The Classics Pages: Oracles by Andrew Wilson, including a good medium-sized list of 5-4c. oracles. Wilson is the translator of Harry Potter into Ancient Greek, and author of a hysterical page, the benefits of a classical education, on successful people with classics degrees (eg., the lead singer of Coldplay, who alsoand better in my minddates Gwyneth Paltrow).
Amazon. The Oracles of the Ancient World: A Comprehensive Guide by Trevor Curnow, Lecturer in Religion at St. Martin's College, Lancaster (April 2004). An alphabetical dictionary of some 300 oracles in 25 countries. This book has not yet received any reviews online. I'm pitching to get a review copy myself.
Ancient Greek Oracles, a short fact-oriented popular introduction from Archaeonia, an online magazine/encyclopedia of the Greek world by Christos Thomas Vlamis. Vlamis' text is admirably hyperlinked to other sections of the site, but he goes overboard on boldface phrases. Related entries include Apollo.
Encyclopedia Mythica: Oracle by George Hager. Basic.
"Oracles, seers, and prophets in Greek tragedy" by Jonathan, for an AP English class. Uncontroversial thesis: oracles foreshadow.
The history of divination by "the editor of Heretic Press" (not, apparently Patrick Hanrahan). Lengthy grab-bag of true and false information, "Jesus Hoax" arguments, splenetic attacks on "the inner esoteric circle of mental masturbaters who think they are better than others," etc.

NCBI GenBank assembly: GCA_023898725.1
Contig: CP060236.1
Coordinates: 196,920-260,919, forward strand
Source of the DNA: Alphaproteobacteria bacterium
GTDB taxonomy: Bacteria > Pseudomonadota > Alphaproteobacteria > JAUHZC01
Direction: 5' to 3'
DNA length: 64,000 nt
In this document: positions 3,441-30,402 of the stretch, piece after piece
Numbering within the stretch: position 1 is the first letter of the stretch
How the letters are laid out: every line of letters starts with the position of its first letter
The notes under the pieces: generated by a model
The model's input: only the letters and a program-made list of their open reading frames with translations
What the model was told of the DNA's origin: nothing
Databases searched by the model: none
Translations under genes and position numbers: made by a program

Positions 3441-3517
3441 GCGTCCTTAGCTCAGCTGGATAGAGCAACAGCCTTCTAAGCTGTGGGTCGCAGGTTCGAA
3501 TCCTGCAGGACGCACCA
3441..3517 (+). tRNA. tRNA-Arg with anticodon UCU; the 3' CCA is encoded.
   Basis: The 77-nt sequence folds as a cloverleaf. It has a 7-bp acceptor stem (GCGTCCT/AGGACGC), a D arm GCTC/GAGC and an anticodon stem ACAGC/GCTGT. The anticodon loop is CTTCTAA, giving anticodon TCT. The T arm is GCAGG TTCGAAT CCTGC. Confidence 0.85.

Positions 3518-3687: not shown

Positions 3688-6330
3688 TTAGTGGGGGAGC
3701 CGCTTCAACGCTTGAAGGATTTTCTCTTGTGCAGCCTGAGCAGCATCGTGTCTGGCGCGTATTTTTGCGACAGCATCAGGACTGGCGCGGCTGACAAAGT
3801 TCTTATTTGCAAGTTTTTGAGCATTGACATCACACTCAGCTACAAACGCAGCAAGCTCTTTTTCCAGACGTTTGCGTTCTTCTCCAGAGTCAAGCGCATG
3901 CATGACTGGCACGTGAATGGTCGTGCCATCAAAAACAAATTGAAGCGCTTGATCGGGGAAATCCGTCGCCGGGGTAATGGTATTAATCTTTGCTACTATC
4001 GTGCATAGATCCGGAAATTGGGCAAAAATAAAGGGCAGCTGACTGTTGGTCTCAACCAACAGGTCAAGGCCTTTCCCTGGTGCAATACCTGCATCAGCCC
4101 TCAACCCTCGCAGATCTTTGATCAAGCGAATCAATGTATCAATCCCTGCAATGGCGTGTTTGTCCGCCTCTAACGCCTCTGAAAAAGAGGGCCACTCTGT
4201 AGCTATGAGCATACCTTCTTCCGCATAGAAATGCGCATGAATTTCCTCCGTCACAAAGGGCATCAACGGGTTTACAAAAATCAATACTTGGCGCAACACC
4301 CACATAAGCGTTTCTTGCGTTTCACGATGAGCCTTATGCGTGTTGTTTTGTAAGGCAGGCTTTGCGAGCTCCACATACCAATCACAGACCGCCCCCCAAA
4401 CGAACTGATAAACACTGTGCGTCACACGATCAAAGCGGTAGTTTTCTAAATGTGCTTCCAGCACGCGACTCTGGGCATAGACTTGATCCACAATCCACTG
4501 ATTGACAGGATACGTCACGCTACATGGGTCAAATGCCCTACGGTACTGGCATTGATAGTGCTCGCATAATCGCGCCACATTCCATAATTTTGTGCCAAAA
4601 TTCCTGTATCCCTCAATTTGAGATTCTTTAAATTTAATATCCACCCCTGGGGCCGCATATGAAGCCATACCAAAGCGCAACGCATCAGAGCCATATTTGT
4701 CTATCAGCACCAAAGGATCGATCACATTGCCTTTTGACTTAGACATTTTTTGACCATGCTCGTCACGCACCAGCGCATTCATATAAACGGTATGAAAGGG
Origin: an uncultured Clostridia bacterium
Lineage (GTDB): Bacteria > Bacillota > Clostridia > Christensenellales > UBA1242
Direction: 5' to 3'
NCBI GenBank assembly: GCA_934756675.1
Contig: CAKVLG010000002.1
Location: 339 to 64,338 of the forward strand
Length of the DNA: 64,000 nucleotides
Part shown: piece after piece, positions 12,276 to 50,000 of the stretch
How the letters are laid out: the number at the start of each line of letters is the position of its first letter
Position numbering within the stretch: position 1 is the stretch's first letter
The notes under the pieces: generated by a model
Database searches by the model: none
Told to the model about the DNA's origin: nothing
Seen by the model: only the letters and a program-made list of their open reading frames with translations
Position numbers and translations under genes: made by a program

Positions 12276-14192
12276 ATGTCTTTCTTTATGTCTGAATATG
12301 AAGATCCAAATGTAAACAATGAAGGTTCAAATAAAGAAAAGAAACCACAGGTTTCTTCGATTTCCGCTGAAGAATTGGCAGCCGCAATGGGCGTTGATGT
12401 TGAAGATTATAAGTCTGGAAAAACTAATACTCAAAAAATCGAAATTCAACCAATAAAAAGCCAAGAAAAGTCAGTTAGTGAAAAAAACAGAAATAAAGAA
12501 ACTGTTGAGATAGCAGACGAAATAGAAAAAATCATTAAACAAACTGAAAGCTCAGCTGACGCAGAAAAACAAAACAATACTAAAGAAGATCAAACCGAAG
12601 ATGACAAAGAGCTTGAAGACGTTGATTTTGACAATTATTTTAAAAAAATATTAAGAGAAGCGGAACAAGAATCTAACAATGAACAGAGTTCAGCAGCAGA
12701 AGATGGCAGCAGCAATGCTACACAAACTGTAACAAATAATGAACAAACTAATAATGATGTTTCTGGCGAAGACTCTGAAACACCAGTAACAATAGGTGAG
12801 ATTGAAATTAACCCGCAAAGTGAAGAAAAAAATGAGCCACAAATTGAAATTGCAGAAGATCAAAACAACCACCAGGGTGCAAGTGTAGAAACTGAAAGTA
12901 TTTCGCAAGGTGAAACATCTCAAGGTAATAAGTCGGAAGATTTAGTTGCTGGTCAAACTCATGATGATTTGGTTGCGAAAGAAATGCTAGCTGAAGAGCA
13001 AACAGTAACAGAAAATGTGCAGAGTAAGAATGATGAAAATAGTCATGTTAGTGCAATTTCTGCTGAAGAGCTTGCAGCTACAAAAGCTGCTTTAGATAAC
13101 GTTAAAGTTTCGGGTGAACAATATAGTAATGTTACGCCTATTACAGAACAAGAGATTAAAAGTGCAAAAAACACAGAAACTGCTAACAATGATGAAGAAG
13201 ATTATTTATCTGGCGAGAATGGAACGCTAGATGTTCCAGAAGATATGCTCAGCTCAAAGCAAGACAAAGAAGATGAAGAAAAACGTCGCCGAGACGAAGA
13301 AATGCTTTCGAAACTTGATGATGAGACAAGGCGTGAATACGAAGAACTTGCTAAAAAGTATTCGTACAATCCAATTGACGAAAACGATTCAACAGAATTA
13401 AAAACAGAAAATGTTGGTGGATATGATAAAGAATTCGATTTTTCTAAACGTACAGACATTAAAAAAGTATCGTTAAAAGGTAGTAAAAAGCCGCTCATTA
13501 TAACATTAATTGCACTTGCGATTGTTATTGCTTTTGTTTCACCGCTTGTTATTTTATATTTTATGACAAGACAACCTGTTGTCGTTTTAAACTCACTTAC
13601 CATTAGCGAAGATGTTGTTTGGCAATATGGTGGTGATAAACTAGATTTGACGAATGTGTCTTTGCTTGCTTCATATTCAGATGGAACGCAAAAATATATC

Wikipedia Hall of Shame:
"Pythons and Prophecies..." by Joanna Lehmann, from the Fortean Times, "The World of Strange Phenomena." Another detailed, readable, semi-scholarly account, decked out with bibliography and footnotes that is, at the same time, very speculative, even fantastic.
New age and pagan
The Church of The Most High Goddess. Modern pagans with a lot to say about oracles. This is a rather typical melange of authentic facts demonstrating wide reading, autodidac methodology, and hillarious philological and historical gaffes.
Amazon. Have You Been to Delphi? : Tales of the Ancient Oracle for Modern Minds by Roger Lipsey, "retells and reinterprets tales from ancient literature." Includes an afterward, quizzing a Tibetan lama about the Tibetan state oracle.